Born in the Netherlands in 1947, Marc van Roosmalen is a Brazilian primatologist of Dutch birth living in Manaus, Brazil. After studying biology at the University of Amsterdam he did four years of doctoral fieldwork in Suriname studying the Red-faced Spider Monkey. Since then, van Roosmalen has devoted his life to the scientific exploration of the South American flora and fauna.

Marc van Roosmalen is described as a hand-on naturalist and has spent long periods of time doing research work in the Amazonian rainforest, while simultaneously producing prolific amounts of scientific papers, books, reviews, and wildlife documentaries. His work has led to the discovery and description of several new species, such as Callibella humilis, the dwarf marmoset, the second smallest monkey in the world, and Lecythis oldemani, a tree belonging to the Brazil Nut family. From 1986 to 2003, van Roosmalen served as senior scientist at the National Institute for Amazonian Research (INPA) under the Brazilian Ministry of Science and Technology.

Parallel to his research work, van Roosmalen is a dedicated conservationalist trying to protect the Brazilian rainforest from destruction by humans. During the late 1980s, he launched “The Center for the Rehabilitation and Re-introduction of Endangered Wildlife” in the federal Rio Cuieiras Nature Reserve; a centre where all kinds of animals, but especially monkeys confiscated from the illegal pet trade, were rehabilitated in the local rain forest. In 1999, he founded the NGO “Amazon Association for the Preservation of High Biodiversity Areas” (AAPA) and began purchasing areas of pristine rainforest in regions harboring extremely high biodiversity and/or animals and plants new to science.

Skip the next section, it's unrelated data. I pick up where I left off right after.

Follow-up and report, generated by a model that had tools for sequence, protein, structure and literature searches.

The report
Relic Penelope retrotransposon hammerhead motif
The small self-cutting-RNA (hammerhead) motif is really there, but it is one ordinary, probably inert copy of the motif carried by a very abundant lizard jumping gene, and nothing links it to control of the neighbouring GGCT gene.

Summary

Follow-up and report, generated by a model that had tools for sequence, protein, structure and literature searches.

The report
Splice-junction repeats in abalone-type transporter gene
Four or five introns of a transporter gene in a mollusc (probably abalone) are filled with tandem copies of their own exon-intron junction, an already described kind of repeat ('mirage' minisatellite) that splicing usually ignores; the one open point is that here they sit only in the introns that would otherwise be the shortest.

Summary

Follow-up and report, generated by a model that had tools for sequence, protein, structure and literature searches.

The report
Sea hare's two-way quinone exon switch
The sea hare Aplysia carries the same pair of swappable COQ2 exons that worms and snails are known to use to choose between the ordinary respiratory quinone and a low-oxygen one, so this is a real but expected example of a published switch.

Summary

For his outstanding work in South America, van Roosmalen has received several honors and was knighted as Officer in the Order of the Golden Ark by Prince Bernhard of the Netherlands in 1997. At the turn of the millennium, van Roosmalen was selected as one of the worldwide recognized “Heroes for the Planet” by Time Magazine.

You can read about van Roosmalen’s current predicament in our interview with him which is found here. More information can also be found in this Wired article and this article published by the Smithsonian institution.

“For if there are out there big tree-dwelling, ground-dwelling and even aquatic mammals not known to science – a dwarf tapir, a giant peccary, a white deer, a dwarf manatee, another river dolphin, to name a few – what do we really know about its flora and fauna? Very Little. About its ecology – the utterly complex web of relationships between plants and animals? Even less. Then what do we know about the sustainability of this ecosystem? Absolutely nothing.”

- Marc van Roosmalen